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Recent data shows over 500 sexual assaults in aged care in three months

A recently released report from the Aged Care Quality and Safety Commission (ACQSC) has found that 530 sexual assaults occurred in residential aged care facilities in the final quarter of last year.

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Between October to December 2021, there were 530 reports of unlawful sexual contact of residents in aged care. [Source: iStock]

The report shows the safeguards in nursing homes still need to be improved to properly protect older residents.

This new data is only a minor improvement on the Royal Commission into Aged Care Quality and Safety's estimate that 50 incidences of unlawful sexual contact of an older resident occurred a week.

Data from the October to December 2021 period suggests a decrease to around 44 incidences of unlawful sexual contact a week committed against aged care residents.

Dr Catherine Barrett, Founder of Celebrate Ageing and the Opal Institute - organisations combatting ageism and sexual assault against older people, says that while sexual assault is reducing in aged care, it isn't enough - and that all bodies need to make systemic changes to protect older Australians in aged care.

"One sexual assault in residential aged care is too many, I think 515 were reported as a Priority 1 and another 15 as a Priority 2, it's way too many," says Dr Barrett.

"We would expect there to be an increase because there is an increase in awareness and also because we have moved from compulsory reporting to mandatory reporting.

"But I thought the number was going to be higher than that. I still think it's an underestimation and we have got to get people to report everything. And the next critical step is we have got to move past the data collection to really creating change."

Currently, providers need to report a Priority 1 sexual assault case within 24 hours to the ACQSC and the aged care staff need to determine if there is an impact on the victim as well as how serious the incident is. It has only recently been made mandatory to report cases of sexual assault.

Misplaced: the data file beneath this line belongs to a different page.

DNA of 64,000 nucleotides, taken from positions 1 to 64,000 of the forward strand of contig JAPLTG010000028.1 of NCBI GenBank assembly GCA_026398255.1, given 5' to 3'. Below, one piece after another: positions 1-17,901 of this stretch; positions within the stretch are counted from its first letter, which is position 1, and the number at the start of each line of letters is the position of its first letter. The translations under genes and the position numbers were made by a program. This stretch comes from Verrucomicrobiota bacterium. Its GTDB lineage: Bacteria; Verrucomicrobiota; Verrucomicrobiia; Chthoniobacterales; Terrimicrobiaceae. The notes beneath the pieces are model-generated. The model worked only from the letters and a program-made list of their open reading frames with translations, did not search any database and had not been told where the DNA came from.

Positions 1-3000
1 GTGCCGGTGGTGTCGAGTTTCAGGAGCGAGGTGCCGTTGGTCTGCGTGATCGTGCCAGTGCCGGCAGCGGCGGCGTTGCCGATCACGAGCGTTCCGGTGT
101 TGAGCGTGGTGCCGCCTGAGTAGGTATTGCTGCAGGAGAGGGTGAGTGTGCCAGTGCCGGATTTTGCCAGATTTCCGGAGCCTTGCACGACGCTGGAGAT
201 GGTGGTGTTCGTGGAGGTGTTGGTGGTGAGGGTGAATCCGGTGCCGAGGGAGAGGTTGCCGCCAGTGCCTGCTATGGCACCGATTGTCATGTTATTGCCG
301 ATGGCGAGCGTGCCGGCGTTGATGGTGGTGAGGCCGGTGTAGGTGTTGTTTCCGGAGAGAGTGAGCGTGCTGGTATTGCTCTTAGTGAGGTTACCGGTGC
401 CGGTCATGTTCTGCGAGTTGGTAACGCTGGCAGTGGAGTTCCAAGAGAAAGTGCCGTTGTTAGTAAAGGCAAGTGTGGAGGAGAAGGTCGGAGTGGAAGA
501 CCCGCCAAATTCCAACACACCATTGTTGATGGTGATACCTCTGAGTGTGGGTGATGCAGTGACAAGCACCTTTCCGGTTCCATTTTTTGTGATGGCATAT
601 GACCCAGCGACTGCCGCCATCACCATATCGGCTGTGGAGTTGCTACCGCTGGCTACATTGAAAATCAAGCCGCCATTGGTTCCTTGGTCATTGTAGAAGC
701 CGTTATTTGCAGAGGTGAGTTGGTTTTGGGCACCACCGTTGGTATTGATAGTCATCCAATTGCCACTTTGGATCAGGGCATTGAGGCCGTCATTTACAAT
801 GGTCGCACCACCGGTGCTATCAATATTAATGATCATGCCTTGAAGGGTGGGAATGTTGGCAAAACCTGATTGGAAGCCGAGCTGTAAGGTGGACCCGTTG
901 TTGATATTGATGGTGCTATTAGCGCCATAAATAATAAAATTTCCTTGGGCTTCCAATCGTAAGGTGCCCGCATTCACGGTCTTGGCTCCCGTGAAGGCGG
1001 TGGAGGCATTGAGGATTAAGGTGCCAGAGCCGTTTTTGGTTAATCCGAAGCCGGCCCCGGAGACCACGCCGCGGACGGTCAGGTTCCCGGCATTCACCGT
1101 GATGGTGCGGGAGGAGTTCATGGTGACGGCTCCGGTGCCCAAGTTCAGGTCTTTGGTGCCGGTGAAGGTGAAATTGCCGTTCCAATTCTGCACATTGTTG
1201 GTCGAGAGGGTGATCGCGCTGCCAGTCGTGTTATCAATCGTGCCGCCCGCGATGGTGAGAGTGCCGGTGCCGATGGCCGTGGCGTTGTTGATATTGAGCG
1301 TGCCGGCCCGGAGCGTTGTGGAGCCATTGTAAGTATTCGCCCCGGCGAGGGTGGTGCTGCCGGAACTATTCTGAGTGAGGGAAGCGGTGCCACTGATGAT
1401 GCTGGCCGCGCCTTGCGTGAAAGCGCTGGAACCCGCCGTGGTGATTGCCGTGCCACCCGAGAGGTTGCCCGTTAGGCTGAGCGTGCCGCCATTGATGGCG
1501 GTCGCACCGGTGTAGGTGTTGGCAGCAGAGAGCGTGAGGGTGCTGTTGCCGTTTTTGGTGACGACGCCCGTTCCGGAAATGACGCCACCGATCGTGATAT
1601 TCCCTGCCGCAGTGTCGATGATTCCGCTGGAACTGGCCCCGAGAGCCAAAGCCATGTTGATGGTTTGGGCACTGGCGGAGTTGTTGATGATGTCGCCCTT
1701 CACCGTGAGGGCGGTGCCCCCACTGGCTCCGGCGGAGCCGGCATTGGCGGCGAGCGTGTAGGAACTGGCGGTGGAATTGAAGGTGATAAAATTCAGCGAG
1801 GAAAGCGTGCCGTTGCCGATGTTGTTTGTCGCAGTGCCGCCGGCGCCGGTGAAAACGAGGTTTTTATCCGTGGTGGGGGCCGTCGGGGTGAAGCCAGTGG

A Priority 1 incident is determined by several factors, including:

  • If the incident could cause the consumer to be physically or psychologically injured or have discomfort that would require medical or psychological treatment to resolve it
  • If there were grounds to contact the police
  • If the consumer had an unexpected death or an unexplained absence from their service

If the assault is considered Priority 2, it needs to be reported within 30 days.

A 2021 KPMG survey found that around 58 percent of aged care staff didn't believe sexual assault had a negative impact on its older victims, which caused concern that providers and staff may not understand the significance of sexual assault and how it affects older victims.

Dr Barrett believes the new safeguards are making a difference, but she says it was interesting that even though the Royal Commission called sexual abuse in aged care "a national disgrace", Commissioners made no specific recommendations relating to sexual assault.

"Families I have worked with have said to me in the past no one has been listening to them, and some of them have communicated to me that they now have hope," says Dr Barrett.

"We are hopeful, we see movement, we see change… We want the number of sexual assaults down to zero. We want zero tolerance of sexual assaults."

At the moment, the #ReadyToListen project, an initiative of Celebrate Ageing, the Older Person's Advocacy Network, and the Older Women's Network New South Wales (NSW), is close to finalising education and training materials that can be utilised by aged care providers and their staff.

"This work I am doing with OPAN is developing resources and building the capacity of service providers to make a difference," says Dr Barrett.

"I think that is really an important place to be. In the past, [the Government has] just gathered the data and really done nothing with it. And so, that sort of sends the message that [sexual assault] has been okay…

"We have ignored older women for such a long time. We know [a lot of] older women are the survivors of sexual assault. There is a lot of work [to do] and a lot of harm to be undone. There is a lot of hurt and silencing that needs to be undone."

Dr Barrett also points out that it's not just residential aged care that needs to be putting in the effort to reduce and prevent sexual assault, the movement should also include external Government departments and other bodies, like the police and sexual assault services.

Many providers and families have reported sexual assault of an older person to police but found no one listened, she says.

"There is a lot more that needs to be done on so many fronts, we can't think this is just the work that residential aged care needs to do, it's across the board," adds Dr Barrett.

To view the full report covering aged care compliance, head to the Aged Care Quality and Safety Commission website.

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